No one wants it more than you: What made Kansas Citys World Cup 2026 bid stand out

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The first syllable came out — Kan — and this place went bonkers. The mayor grabbed the shoulder of a friend nearby, leveraging himself as high into the air as his 37-year-old legs would allow. He almost lost his suit jacket in the chaos, though he might not have complained in 100-degree heat.

On the second deck of the proverbial living room inside the Power & Light District in downtown Kansas City, a man buried his head into one hand, hiding the tears on his face. A bottle of champagne soaked a few, as American flags waved in the air filled with chants.

The men’s World Cup is coming to Kansas City in the summer of 2026, FIFA officials announced Thursday in a March Madness-style reveal that turned grown men and women into little kids and their pit-in-the-stomach anxiety into nothing but pure elation. This has been a process a half-decade in the making — longer yet for some — among Kansas City dignitaries who have a new item atop their legacies.

Those leaders sat inside a soccer-themed bar upstairs at Power & Light, and in the midst of that celebration, Sporting Kansas City president Jake Reid kept coming back to something this group had heard often. They had courted FIFA officials on visits, through phone calls and online presentations, and their most promising feedback had been consistent.

“They kept saying this,” Reid said.

It’s clear no one wants it more than you guys.

It became something of a running joke each time they spoke — FIFA officials and those involved with the Kansas City bid led by director Katherine Holland and sports commission president Kathy Nelson, in addition to Sporting KC and the Chiefs.

You guys are always the most excited.

We might never know if that factor pushed Kansas City over the top — if that’s what swayed FIFA officials to make it the smallest American city granted World Cup games, beating out a group of other bids that concluded with the nation’s capital left out — but we know that didn’t hurt.

Some poured their lives into the finer details of this bid, from transportation solutions to fan accommodations and events to assurances that Arrowhead Stadium can be transformed to meet specifications. The list is exhaustive and given Kansas City’s market size, it likely needed to be perfect.

And then maybe a little extra.

FIFA felt that energy — that excitement — was worth mentioning. And mentioning again. And again.

It won’t leave anytime soon. You’ve had enough people already tell you this is a pretty big deal. It is, probably more so for a city of our size than Los Angeles, New York or Miami. The World Cup is watched by more than 3 billion people — and the field is expanding to 48 teams in 2026. About 100 million watched Patrick Mahomes lift the Lombardi Trophy in Super Bowl LIV.

I’d love to paint you all a picture of the exact transformation Kansas City will absorb for a few weeks in 2026, from the influx of cultures visiting our city by the tens of thousands to some of the best athletes in the world playing its most popular sport. But I’ve never attended a World Cup, so I asked a few of those who have — Matt Besler and Graham Zusi played for the United States in Brazil in 2014; Benny Feilhaber represented the country in South Africa four years earlier. Roger Espinoza played for his home Honduras in both.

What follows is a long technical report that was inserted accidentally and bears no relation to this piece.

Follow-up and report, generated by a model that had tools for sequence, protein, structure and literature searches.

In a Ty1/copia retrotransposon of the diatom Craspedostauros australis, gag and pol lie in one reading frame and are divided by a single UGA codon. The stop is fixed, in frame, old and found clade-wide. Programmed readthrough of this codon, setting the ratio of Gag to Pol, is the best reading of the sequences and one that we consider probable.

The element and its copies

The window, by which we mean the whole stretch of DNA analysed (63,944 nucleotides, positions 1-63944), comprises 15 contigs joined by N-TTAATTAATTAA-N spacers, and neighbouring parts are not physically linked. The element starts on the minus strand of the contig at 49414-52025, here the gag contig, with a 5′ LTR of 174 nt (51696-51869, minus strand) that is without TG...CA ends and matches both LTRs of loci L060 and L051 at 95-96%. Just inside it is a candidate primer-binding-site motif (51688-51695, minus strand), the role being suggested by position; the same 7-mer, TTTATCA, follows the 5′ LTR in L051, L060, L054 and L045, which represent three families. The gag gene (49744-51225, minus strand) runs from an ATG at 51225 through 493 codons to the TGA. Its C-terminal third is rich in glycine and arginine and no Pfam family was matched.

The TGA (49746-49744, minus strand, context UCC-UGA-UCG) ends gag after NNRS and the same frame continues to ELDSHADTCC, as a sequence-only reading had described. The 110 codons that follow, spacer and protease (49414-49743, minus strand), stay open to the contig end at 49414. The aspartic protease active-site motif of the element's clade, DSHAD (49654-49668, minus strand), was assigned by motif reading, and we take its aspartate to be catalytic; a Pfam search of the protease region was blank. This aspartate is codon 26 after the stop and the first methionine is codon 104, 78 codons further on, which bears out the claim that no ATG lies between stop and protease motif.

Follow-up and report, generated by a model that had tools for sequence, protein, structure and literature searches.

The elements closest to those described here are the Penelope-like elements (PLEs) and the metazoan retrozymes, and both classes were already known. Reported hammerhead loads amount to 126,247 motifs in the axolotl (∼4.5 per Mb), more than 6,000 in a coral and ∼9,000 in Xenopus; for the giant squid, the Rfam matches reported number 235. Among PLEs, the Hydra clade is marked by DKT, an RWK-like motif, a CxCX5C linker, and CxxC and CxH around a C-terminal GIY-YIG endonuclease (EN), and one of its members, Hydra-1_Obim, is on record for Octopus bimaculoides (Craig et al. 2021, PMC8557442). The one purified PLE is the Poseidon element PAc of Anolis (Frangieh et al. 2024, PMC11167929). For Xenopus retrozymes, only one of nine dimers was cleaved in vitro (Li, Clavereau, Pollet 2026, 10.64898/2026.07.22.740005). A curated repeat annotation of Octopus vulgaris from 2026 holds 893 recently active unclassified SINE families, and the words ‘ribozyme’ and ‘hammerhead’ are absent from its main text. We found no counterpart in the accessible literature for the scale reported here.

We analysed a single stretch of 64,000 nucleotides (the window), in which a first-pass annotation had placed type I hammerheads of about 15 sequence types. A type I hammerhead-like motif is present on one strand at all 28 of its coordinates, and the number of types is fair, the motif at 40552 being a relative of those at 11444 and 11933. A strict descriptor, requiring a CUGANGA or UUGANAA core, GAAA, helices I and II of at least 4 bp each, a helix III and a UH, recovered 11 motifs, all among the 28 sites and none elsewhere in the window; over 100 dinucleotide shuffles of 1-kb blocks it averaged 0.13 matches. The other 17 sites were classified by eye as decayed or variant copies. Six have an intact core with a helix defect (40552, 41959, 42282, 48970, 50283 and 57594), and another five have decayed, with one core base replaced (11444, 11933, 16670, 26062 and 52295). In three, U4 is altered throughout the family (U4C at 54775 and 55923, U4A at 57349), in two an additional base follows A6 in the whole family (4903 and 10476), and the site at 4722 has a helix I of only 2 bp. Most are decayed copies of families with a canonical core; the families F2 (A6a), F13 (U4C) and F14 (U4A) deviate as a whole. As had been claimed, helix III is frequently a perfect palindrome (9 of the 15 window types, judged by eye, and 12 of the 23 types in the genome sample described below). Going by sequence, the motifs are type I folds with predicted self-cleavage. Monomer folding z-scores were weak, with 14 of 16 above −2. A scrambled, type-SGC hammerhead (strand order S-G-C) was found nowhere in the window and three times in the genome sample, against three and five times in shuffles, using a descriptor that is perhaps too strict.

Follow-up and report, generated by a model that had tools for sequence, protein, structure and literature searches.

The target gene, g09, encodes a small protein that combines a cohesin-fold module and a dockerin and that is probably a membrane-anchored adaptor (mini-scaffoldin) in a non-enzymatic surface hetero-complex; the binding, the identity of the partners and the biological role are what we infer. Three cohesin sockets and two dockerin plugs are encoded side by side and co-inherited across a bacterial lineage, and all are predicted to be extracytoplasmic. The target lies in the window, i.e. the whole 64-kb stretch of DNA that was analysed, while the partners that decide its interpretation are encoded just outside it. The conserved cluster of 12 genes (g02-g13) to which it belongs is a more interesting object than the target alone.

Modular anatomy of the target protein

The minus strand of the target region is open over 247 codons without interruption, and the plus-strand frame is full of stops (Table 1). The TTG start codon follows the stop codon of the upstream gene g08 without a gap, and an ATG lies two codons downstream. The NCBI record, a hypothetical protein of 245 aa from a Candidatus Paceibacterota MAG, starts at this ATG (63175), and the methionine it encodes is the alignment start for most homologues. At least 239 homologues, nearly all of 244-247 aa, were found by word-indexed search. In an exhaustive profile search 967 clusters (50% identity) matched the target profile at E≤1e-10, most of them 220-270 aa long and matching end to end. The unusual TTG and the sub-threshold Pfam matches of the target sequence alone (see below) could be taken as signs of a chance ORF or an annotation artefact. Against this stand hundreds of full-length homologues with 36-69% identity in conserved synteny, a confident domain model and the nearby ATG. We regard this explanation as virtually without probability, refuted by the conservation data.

All are current or former Sporting KC players.

“It’s hard to describe the environment — it’s something that brings the whole world together,” Espinoza said. “In other places, the whole country stops for this. The whole country .”

“It’s different than almost all atmospheres I’ve ever experienced,” Besler said. “You really get a sense of just how big the world is.”

“It would be hard for me to articulate what hosting games would be like to even the casual soccer fan, let alone the non-soccer fan,” Zusi said. “I think we can say it’s a different level than anything here.”

OK, how about an anecdote?

Zusi, Besler and members of that 2014 U.S. Men’s National Team sat in their hotel in Sao Paulo, Brazil. It was an off-day for the Americans, but Brazil happened to be playing that day. Sao Paulo had turned into a ghost town, Zusi recalled, the streets and stores vacant. The hotel was surrounded by high-rises as far as their room windows would allow the gaze.

When Brazil scored, they could feel neighboring buildings shake.

“Just this explosion of sound,” Zusi said. “It was insane. The entire city was just screaming.”

Back home that year, we bragged that television cameras were planted at P&L for World Cup watch parties. This is the real freaking thing now, and whether you attend the games or not, you will feel it.

Beaming with civic pride, a city that gets annoyed when someone suggests it might not be as cool as the big boys is about to join the big boys. It’s an ego boost. It’s confirmation of what Kansas Citians have long argued.

We belong.

“Not everybody in the world knows about KC,” Espinoza said. “But now KC will be known for sure. You will be known. Kids who watch the World Cup will remember the cities they play. They will not forget. I’m telling you, it will rise the city to the top.”

The United States has the Super Bowl. (Remember where the Chiefs played two years ago?) The rest of the world has the World Cup. They will remember. Several thousand will be here in person.

We’ll learn the local participants in the weeks and months to come. Other teams will probably set up camp at Compass Minerals National Performance Center, Sporting KC’s state-of-the-art training c…


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